Kat's Reading List

What I read: January 2018

Please note: I have intentionally decided not to include Amazon links (unless something is available exclusively on Amazon). Instead, if you are interested in reading any of the books I mention, I encourage you to check out your local library or independent bookstore. These places (and the communities around them) need your support, and they are generally quite willing to order any book if they don’t currently have it in stock. However, if Amazon is still the more practical choice for you, it is easy enough to search and find any of the titles that I mention.

Mystery of the Magi, by Dwight Longenecker
This was a fascinating look at the historical facts surrounding the story of the Wise Men found in the nativity story in the Gospel of Matthew. While Longenecker is in fact a Catholic priest, the book is written more as a straight-forward presentation of the historical facts rather than as a theological discussion. There is indeed a lot of mystery surrounding the story of the magi, but Longenecker does a great job of discussing what is actually known and then positing his own theories. He seems most interested in simply getting a discussion going on this topic, and I think the book would be very interesting to believers and non-believers alike.

The Clothes Make the Girl (look fat)?, by Brittany Gibbons
This is Gibbons’ second book, and I loved the first one (Fat Girl Walking) so much that I had this one pre-ordered after the first announcement that I saw. And I was not disappointed. What I love about her books is that reading them is just like hanging out with your best girlfriend, talking about the reality of life as a woman these days. This isn’t the autobiography of a celebrity whose life you can only imagine and look at from the outside. This is an autobiography of your best mom-friend (and I’m not even a mom). The chapter about her “thunder thighs” was my personal favorite, and the chapter dedicated to her daughter legitimately made me cry.

Little Sins Mean a Lot, by Elizabeth Scalia
One of the things that I have struggled with most since joining the Catholic Church is how to make a good confession. I know that I am far from perfect, but I am also not in a habit of contemplating where I’ve messed up unless I’ve messed up BIG. But Scalia’s book is a boon, because she helps to point out all of the little things which society has normalized but are still venial sins nonetheless, sins that weigh on the soul and can lead to the larger ones. A very insightful read, that led to a lot of soul-searching.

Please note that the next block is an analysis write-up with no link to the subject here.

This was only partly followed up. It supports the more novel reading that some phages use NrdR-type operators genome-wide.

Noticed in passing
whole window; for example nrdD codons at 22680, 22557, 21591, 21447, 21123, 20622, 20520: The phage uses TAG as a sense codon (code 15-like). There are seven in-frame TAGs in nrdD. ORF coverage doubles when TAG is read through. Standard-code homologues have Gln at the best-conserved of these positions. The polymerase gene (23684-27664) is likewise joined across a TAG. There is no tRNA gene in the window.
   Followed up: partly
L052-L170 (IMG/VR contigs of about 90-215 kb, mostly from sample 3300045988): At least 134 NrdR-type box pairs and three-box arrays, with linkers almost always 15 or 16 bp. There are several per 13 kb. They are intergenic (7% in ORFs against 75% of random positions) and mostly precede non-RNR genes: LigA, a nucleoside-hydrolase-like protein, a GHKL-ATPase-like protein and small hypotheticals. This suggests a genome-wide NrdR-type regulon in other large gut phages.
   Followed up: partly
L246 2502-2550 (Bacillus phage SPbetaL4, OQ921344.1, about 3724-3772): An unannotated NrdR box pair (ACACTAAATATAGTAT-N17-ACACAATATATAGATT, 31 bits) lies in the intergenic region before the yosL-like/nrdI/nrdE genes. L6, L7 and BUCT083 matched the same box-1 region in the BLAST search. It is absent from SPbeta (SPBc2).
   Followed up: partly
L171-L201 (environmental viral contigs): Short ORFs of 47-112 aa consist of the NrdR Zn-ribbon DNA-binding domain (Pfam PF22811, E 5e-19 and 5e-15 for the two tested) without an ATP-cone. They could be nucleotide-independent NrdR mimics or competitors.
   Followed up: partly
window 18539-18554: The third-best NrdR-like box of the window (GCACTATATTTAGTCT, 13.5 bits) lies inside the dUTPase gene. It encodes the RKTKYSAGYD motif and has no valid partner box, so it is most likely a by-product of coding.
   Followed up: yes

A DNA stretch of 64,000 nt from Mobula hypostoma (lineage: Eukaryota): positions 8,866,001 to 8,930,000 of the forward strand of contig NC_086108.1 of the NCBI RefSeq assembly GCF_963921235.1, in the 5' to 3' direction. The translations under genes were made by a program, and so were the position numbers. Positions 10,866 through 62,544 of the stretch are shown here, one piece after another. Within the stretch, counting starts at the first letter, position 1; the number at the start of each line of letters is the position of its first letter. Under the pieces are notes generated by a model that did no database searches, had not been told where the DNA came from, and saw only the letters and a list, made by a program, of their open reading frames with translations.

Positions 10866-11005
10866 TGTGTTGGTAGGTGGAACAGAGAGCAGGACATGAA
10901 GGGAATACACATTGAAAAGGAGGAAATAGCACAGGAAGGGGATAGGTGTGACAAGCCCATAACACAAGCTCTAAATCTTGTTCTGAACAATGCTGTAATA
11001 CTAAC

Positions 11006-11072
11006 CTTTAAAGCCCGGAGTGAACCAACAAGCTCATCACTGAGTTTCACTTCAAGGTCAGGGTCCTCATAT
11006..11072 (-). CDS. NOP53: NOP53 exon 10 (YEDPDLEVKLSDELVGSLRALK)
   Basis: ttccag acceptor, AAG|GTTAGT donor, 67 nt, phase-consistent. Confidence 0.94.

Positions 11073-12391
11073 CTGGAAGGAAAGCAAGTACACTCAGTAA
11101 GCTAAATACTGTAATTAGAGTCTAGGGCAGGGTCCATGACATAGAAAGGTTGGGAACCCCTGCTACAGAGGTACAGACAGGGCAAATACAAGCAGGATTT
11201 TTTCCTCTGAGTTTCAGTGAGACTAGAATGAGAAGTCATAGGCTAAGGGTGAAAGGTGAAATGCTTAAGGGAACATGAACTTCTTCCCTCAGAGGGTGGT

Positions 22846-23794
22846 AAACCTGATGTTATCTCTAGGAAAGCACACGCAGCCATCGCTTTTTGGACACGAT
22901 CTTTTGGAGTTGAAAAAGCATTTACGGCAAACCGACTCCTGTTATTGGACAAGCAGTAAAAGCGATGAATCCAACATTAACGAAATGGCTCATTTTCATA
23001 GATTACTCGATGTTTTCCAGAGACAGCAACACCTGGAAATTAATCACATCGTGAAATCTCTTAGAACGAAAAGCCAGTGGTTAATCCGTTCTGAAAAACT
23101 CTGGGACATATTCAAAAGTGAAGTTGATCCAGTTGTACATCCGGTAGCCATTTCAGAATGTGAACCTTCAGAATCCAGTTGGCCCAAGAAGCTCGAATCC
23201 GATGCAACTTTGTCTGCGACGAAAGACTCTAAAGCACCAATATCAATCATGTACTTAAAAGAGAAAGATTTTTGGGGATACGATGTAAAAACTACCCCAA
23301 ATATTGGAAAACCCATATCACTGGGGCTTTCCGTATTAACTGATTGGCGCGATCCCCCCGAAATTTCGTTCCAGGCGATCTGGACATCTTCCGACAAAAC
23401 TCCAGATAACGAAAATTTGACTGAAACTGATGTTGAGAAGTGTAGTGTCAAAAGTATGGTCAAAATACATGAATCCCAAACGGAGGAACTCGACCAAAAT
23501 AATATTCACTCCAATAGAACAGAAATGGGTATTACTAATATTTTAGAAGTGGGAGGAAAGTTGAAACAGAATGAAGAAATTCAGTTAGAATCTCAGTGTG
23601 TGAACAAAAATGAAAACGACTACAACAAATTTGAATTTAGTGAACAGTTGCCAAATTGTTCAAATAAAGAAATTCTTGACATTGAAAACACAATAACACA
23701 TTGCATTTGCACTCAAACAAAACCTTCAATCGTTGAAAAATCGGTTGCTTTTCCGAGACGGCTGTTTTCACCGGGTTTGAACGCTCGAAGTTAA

Barhopping with Bukowski (A Short Story), by L. Davis
I love a good short story, and this one was particularly engaging. An intriguing narrator and moving prose, it’s a beautiful snapshot into the mind an interesting, modern character. “Our unnamed protagonist is stuck in a mundane life. She works, she pays the bills, she goes to her therapist, and nothing ever changes. Until one night she decides to be free. Step one: buy a book of Bukowski poems.”

The Life You Save May Be Your Own, by Paul Elie
I found this book by chance (or grace) at a used bookstore in DC, and it was one of those books that I didn’t even know that I needed so badly. It’s kind of a joint biography of four different American Catholic writers: Dorothy Day, Thomas Merton, Walker Percy, and Flannery O’Connor. I was fairly unfamiliar with all of these writers before picking up the book, though I recognized all of their names. But over the two months it took me to read through the 400 pages, i felt like I was discovering my own tribe; people who weren’t necessarily very much like me but who were still a community that I also belong to. I have friends who are writers, and I have friends who are Catholic, but finding friends who are Catholic writers is a bit more problematic. And combining those two labels into one makes a big difference on your perspective of the world. Reading about these four writers has definitely given me a deeper appreciation of my own work, and also how I would like my faith to influence and contribute to that work.

Ender’s Game, by Orson Scott Card
I have read this book more times that I can remember, and it seems that I buy endless copies of it because I have such a tendency to give them away to people. I think that I was about twelve years old the first time that I read it, and as an adult I am still discovering all of the ways that it has shaped me both as a human being and as a writer. The prevailing theme of empathy, the idea that when you truly understand your enemy you can’t help but love them the way that they love themselves, is something that feels so fundamental to my own character. Orson Scott Card was also the first author that I actually encountered as a real person, and not just a name on the cover of a book. As a teenager, I went to multiple book-signings of his, and even attended two different multi-day writing workshops that he taught. I still have great respect for his writing style, and I’m always so happy when I re-read one of his books and discover that it still holds up even as I get older. Ender’s Game is definitely a book that I recommend that everyone should read at least once.

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